1. Today’s financial system is far too complex and interwoven for traditional public finance tools to work predictably. For example, as far back as before the 1930’s it was fairly clear that lowering interest rates had upside potential. But now, we’ve got seniors without guaranteed pensions living off of savings often invested in bonds that may or may not produce the income that they need when monetary policy changes interest rates.
2. These traditional tools are Rube Goldberg machines for solving the issue in my opinion. There is unemployment because businesses aren’t hiring, because demand isn’t there, because people don’t have money to spend. And even if people had money to spend, nine times out of ten it would go towards paying down household debt.
Our government has very smart people at the top. But on this issue of improving the US economy, they’re thinking way too hard.
Rather than apply quantitative easing and giving money to banks towards encouraging lending towards entrepreneurs creating jobs towards putting money into people’s pockets which will produce spending–just cut out all of these middle men, put that same money in an envelope and mail one to every US household.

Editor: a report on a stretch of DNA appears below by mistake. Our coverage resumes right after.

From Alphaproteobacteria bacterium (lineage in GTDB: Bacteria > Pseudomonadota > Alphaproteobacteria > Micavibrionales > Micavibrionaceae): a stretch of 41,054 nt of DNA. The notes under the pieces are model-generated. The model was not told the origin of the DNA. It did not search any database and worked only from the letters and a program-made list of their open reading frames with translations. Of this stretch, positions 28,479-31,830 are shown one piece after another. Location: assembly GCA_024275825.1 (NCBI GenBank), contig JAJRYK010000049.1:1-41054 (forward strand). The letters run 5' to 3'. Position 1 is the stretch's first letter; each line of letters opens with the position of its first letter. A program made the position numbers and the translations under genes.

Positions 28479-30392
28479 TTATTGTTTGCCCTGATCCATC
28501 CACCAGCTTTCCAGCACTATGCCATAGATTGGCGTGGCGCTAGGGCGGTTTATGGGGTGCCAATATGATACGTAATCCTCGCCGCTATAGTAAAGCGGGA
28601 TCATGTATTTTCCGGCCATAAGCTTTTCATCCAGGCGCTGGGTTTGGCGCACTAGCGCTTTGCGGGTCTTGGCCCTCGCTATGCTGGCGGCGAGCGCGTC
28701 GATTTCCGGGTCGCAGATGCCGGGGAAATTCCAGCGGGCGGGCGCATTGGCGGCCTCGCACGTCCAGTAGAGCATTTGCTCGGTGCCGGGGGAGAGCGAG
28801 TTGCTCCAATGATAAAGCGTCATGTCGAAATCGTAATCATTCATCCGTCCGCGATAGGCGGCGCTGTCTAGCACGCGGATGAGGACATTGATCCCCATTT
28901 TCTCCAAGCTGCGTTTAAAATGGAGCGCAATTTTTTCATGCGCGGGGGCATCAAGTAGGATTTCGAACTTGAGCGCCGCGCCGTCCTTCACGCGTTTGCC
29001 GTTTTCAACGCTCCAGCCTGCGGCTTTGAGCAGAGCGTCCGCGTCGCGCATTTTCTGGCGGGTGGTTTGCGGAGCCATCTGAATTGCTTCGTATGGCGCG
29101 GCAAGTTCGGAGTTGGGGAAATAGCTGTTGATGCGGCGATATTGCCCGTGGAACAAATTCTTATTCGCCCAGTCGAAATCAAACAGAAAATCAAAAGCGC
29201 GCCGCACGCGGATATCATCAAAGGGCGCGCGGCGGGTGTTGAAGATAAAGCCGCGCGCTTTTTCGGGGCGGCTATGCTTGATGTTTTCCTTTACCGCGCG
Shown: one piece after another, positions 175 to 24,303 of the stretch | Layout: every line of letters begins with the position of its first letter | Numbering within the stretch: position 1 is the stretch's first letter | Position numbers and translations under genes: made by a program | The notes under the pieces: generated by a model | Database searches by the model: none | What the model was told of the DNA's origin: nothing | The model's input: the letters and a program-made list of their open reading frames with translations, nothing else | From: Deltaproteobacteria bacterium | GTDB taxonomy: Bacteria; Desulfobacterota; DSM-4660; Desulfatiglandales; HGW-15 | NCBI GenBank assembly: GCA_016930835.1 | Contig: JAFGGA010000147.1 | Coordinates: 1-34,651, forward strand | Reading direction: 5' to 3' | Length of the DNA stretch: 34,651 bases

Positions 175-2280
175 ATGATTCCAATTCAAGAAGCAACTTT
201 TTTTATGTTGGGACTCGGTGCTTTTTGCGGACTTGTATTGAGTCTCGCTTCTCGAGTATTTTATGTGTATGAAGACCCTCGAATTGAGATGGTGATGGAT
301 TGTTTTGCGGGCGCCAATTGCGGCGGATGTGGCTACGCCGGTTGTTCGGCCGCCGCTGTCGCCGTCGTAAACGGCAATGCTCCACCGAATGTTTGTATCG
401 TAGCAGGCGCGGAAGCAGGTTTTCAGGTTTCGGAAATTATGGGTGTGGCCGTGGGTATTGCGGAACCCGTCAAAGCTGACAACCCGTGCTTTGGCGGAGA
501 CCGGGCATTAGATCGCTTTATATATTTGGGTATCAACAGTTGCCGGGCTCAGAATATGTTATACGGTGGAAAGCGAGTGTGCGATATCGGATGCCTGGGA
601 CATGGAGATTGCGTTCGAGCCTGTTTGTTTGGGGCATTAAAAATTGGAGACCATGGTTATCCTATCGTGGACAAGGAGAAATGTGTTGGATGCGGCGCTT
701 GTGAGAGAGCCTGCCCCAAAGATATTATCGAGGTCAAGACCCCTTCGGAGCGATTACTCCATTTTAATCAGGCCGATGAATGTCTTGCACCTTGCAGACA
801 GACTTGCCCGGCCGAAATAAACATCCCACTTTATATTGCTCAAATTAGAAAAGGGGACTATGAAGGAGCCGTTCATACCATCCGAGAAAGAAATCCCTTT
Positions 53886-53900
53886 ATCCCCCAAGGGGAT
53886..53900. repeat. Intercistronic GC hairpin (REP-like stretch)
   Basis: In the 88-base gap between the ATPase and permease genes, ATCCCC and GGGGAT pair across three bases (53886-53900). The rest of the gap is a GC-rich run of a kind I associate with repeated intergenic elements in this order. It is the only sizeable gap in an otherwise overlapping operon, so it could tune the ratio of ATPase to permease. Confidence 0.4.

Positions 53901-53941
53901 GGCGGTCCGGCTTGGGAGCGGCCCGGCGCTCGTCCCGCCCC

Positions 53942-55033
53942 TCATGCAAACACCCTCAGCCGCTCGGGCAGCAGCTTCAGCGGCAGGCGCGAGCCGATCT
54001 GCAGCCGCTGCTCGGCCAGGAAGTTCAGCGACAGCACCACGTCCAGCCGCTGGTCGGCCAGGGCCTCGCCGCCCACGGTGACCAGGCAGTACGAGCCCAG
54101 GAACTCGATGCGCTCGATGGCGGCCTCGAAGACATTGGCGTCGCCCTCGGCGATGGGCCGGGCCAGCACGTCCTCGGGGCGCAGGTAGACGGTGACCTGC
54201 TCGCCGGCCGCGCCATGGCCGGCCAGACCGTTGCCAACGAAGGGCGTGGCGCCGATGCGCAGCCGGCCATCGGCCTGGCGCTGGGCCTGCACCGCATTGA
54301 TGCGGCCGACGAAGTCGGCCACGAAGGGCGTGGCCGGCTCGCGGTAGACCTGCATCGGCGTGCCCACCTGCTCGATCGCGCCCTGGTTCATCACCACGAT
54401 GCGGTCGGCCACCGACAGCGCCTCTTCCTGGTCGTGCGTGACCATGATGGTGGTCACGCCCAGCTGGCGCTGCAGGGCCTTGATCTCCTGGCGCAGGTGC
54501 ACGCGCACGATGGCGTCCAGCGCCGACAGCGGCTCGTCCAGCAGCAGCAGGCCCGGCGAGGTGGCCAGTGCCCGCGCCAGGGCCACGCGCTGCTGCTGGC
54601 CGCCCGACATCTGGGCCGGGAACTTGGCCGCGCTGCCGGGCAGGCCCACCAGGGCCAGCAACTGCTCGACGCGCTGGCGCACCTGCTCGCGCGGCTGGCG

In the age where millions of people donated $25 to produce millions each month for our current president’s campaign, why not have the same faith in millions of people–when directly given the tools to feel secure to spend–to produce a “Trickle Up” economic recovery?
$1.7 trillion dollars were given to the banks in 2008 for the last attempt at QE. With the 2009 US population estimate at 310M, a Main Street QE would equal a check of almost $5500 to each person in the US.
If we narrowed the recipients to individuals over the age of 18, using 2009 census number the check would increase to just over $7200 per person.
And if we went by household, approximately 105M households by the 2009 census ups the check to $16K per household.
In order to increase the likelihood of having a return on their investment, the Federal Reserve could provide the following three choices to individuals on how to spend the money–and more than one could be chosen:
Choice 1: Enroll and pay for a local corporate or public sector provided educational program to learn competitive skills–skills that would give people the tools to build things such as software, electronics, and other sellable products.
Choice 2: Use the money to pay down household debt, and deposit a percentage in a local bank (which would provide local banks with deposits towards providing loans to the community).
Choice 3: Save a percentage, and spend a percentage in local businesses.
It’s definitely not easy to solve the problem of spurring the US economy. But if QE2 is implemented and doesn’t work, just don’t try to fool us a third time.